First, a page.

You have a server named Server2 that runs Windows Server 2012. You have storage provisioned on
Server2 as shown in the exhibit. (Click the Exhibit button.)
You need to configure the storage so that it appears in Windows Explorer as a drive letter on Server1. Which three actions should you perform in sequence?
To answer, move the three appropriate actions from the list of actions to the answer area and arrange them in the correct order.
in real test question status of Server1 iSCSI initiator is “Not connected” (Thanks to Odissey for this information)
Select and Place:
Correct Answer:
Section: Storage & High availability
we really miss the exhibit here
(and it’s the first time i could not find a vce question from all over the internet (it only exists on this VCE, so i couldnt find the exhibit…)
difficult to answer a question if half is missing, but anyway i’ll try to help about
So let’s try to think…
Odissey told us that Server1 iSCSI initiator’s status is “Not connected”. But my problem is i can’t succeed to reproduce a “not connected” status on my iSCSI initiator (i only get “connected” or “inactive”)
To me, not connected can be seen in the iSCSI target management, not in iSCSI initiator configuration.
Here we have three steps to reorder
Create a new volume from Server Manager
Configure the iSCSI initiator to connect to target1 (the iSCSI initiator configuration is client-side, in this case, on Server1 : we simply add the IP adress of the target)
Add an iSCSI initiator ID to target1. (and this is done from the iSCSI target computer, so on Server2 :
we add the Server1’s IQN to Server2 to enable Server1 to connect to the target)
For sure, to configure the initiator to connect to target1, target1 should be available to Server1. And to make it available, its initiator ID (IQN) must have been added to target1
so we’re sure of this order:
Add an iSCSI initiator ID to target1. Configure the iSCSI initiator to connect to
Then what about the creation of the volume. To me it depends of the missing exhibit…
The disk can be managed (in this case create a volume) on the server it’s connected/mounted to… Doing it locally on server2 could be done before the 2 other steps and then those 2 steps would automatically connect the volume to Server1 (i tested it)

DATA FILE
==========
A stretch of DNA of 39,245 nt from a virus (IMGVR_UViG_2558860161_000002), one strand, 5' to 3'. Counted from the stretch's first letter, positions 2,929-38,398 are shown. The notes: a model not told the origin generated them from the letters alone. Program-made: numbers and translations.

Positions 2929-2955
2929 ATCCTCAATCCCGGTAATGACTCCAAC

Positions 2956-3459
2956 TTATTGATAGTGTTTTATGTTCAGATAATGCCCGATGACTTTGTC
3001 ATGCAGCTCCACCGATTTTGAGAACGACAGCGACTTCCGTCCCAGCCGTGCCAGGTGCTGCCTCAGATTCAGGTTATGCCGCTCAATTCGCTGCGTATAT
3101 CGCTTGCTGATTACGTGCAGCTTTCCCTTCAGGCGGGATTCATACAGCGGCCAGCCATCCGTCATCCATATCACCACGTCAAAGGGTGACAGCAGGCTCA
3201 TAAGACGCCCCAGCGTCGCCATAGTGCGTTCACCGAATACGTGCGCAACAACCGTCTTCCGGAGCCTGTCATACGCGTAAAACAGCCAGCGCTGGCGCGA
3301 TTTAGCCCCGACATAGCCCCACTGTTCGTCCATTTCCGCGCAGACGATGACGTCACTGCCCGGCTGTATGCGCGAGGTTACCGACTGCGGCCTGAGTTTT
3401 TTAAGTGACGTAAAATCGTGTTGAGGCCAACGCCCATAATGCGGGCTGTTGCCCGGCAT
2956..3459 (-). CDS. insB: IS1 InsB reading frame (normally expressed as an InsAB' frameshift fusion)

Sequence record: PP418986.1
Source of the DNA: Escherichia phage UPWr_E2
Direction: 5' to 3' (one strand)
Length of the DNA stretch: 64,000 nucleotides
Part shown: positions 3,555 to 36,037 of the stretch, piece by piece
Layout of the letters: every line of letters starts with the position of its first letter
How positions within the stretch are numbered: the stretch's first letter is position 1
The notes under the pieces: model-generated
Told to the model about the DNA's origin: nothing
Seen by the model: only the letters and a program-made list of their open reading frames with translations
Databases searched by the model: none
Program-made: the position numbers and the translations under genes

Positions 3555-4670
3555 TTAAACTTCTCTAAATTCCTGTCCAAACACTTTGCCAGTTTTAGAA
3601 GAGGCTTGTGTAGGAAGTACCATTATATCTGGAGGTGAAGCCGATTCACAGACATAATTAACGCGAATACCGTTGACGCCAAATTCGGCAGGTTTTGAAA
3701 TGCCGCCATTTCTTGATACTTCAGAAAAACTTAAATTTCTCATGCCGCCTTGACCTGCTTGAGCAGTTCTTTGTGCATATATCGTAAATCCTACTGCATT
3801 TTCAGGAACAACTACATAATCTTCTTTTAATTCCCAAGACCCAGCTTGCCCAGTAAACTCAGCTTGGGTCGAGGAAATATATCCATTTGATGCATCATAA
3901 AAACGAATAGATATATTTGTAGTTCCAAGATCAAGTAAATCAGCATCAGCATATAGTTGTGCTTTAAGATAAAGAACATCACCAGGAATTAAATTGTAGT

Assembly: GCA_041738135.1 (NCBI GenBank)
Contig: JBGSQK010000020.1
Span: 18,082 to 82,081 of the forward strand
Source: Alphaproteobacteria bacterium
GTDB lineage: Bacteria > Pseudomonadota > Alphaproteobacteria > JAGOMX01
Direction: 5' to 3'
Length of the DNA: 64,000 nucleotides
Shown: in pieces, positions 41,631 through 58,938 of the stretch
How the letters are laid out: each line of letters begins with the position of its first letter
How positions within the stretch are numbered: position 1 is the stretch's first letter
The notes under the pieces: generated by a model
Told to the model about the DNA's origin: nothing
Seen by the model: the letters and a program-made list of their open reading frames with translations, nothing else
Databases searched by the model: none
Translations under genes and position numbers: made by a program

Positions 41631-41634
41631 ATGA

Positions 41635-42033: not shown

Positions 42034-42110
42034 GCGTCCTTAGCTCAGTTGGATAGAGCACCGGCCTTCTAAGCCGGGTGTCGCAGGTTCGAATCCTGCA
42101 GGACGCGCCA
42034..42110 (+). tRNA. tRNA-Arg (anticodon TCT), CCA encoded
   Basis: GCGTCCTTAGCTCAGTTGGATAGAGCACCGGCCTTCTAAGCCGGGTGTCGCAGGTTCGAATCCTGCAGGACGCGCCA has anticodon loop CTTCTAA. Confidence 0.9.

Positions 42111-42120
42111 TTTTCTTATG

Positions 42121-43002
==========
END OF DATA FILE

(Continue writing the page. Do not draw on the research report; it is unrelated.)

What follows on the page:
But it can be done automatically too, right after the 2 steps…
it depends of the current state of the configuration, which we don’t know nothing about…
NB : in 2012 when we create a vhd, during the installation, we assign it to a target, then designate the IQN of the initiator that is allowed to connect to this target, then we go to the initiator computer to create the volume (as the vhd was automatically connected to the initiator computer)
but here, we don’t know nothing about what is created or not, what was deleted or not, configured or not…
so the only thing i’m 100% sure is that we add the initiator’s IQN to the target computer before we can configure the iSCSI initiator.

Your network contains two servers named Server1 and Server2. Both servers run Windows Server 2012 and have the DNS Server server role installed.
On Server1, you create a standard primary zone named contoso.com. You need to ensure that Server2 can host a secondary zone for contoso.com.
What should you do from Server1?
A. Create a zone delegation that points to Server2. B. Create a trust anchor named Server2.
C. Convert contoso.com to an Active Directory-integrated zone. D. Add Server2 as a name server.
Correct Answer: D
Section: Network (DNS, DHCP, NIC teaming, IPAM, VPN, NAP, DirectAccess…) Explanation

You have a server named Server1 that runs Windows Server 2012. On Server1, you configure a custom
Data Collector Set (DCS) named DCS1.
DCS1 is configured to store performance log data in C:Logs.
You need to ensure that the contents of C:Logs are deleted automatically when the folder reaches 100 MB
in size.